On Monday, multiple news reporters confirmed Texas state House Democrats were preparing to disrupt Republican election legislation by breaking quorum and leaving the state.
At least 58 Democratic members are expected to leave the state, with the majority flying to Washington, D.C., NBC News reported.
The last-ditch strategy has not been seen since 2003, when Democrats left Texas to prevent an unconventional mid-decade redistricting plan that came with the newly elected Republican statehouse majority.
This time, Democrats are leaving the state to prevent House Bill 3, legislation that Republicans claim would increase election security, but includes provisions that would make it more difficult to vote, including banning drive-thru and 24-hour voting, as well as dangerously empowering poll watchers.
That legislation (a revival of the mistake-riddled Senate Bill 7 during the regular session) was advanced in House and Senate committees over the weekend.
The walkout comes more than a month after the walkout by Democrats in May, which killed Senate Bill 7 and caused Gov. Greg Abbott to defund the legislature and call a special 30-day session.
A recent poll by the University of Texas finds 40 percent of voters in the state disapprove of the legislature’s handling of election law, compared with 38 percent of voters who approve.
Technically speaking, as pointed out by veteran lege reporter Scott Braddock on Twitter, quorum can’t be broken until a quorum is needed to conduct business. The earliest that means Democrats can break quorum would be tomorrow, though if Democratic Senators were to no-show committee meetings, that would deny the committees quorum as well.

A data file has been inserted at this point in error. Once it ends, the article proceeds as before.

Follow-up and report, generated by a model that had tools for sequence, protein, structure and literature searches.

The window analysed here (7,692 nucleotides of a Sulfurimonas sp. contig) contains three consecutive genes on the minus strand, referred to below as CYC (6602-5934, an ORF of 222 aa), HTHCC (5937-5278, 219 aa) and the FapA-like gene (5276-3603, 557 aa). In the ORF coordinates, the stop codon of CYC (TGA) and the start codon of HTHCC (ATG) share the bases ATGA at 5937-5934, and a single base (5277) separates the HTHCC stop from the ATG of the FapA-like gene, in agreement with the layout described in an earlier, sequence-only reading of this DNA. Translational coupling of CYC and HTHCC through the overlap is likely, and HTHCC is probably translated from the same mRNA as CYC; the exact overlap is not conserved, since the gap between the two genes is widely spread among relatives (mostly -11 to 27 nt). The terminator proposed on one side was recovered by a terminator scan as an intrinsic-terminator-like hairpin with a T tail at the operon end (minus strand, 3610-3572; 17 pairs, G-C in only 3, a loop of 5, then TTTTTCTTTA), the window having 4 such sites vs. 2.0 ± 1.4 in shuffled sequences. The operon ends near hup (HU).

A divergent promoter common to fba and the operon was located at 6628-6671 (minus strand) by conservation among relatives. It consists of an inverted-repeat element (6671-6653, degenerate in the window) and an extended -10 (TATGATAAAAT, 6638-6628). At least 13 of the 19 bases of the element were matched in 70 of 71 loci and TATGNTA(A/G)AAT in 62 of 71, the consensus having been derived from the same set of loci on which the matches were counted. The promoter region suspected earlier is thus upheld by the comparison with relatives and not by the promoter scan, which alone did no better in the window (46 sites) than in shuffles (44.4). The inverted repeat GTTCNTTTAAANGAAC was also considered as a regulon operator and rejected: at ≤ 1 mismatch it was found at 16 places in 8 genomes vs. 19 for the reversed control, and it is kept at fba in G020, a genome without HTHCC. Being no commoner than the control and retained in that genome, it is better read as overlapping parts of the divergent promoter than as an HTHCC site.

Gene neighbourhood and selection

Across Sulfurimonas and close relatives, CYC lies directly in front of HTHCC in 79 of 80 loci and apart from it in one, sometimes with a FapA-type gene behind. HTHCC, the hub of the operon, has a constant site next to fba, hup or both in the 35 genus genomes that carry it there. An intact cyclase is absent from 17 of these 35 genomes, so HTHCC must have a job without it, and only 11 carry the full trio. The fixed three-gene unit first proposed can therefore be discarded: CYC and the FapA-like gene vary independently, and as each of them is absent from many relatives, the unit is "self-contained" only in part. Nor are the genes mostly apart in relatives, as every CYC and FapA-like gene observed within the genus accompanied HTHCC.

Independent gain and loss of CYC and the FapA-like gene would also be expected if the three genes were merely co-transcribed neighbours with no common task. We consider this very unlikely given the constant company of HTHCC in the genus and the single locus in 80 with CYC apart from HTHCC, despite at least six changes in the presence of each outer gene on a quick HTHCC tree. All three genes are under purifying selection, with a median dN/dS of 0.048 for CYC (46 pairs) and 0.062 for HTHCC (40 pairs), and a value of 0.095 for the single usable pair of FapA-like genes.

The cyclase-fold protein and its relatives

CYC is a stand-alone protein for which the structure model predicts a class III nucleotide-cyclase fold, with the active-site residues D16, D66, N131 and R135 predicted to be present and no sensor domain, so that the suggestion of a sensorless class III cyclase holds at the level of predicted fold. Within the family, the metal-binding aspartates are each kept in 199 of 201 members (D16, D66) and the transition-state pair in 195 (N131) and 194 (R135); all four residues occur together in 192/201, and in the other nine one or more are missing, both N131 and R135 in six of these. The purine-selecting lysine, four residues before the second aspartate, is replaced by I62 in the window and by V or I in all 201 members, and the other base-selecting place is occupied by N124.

This all harkens back to the great quorum break of 2003, when legislative Democrats went on the run for weeks to try to stop an unconstitutional gerrymander of the state’s election maps, and a slew of complications exists for Democrats as they try to run out the clock on this special session.
The first, and most harrowing, challenge is that the moment quorum is broken, Republican Speaker Dade Phelan can compel the Texas Department of Public Safety to detain the members and force them to return. That means any member who got pulled over for failing to signal before changing lanes could be subject to arrest inside the state of Texas.
Democrats were successful during the 2003 quorum break largely because they were able to stick together. With most of the members camped out in either New Mexico or Oklahoma, a unified front was the only thing that could keep the Republicans from gerrymandering the state for a generation.
That quorum break ultimately failed when one Senator, John Whitmire of Houston, threw in the towel and decided to return to the floor after a prolonged absence, demonstrating how hard it can be to keep a group of legislators this large on the same page with a unified strategy.
Whitmire still serves in the Texas Senate today.
Time will tell what’s next for Texas Democrats, but it will likely come quickly, as the Texas House is expected to resume work tomorrow.
Photo: Bill Clark/CQ Roll Call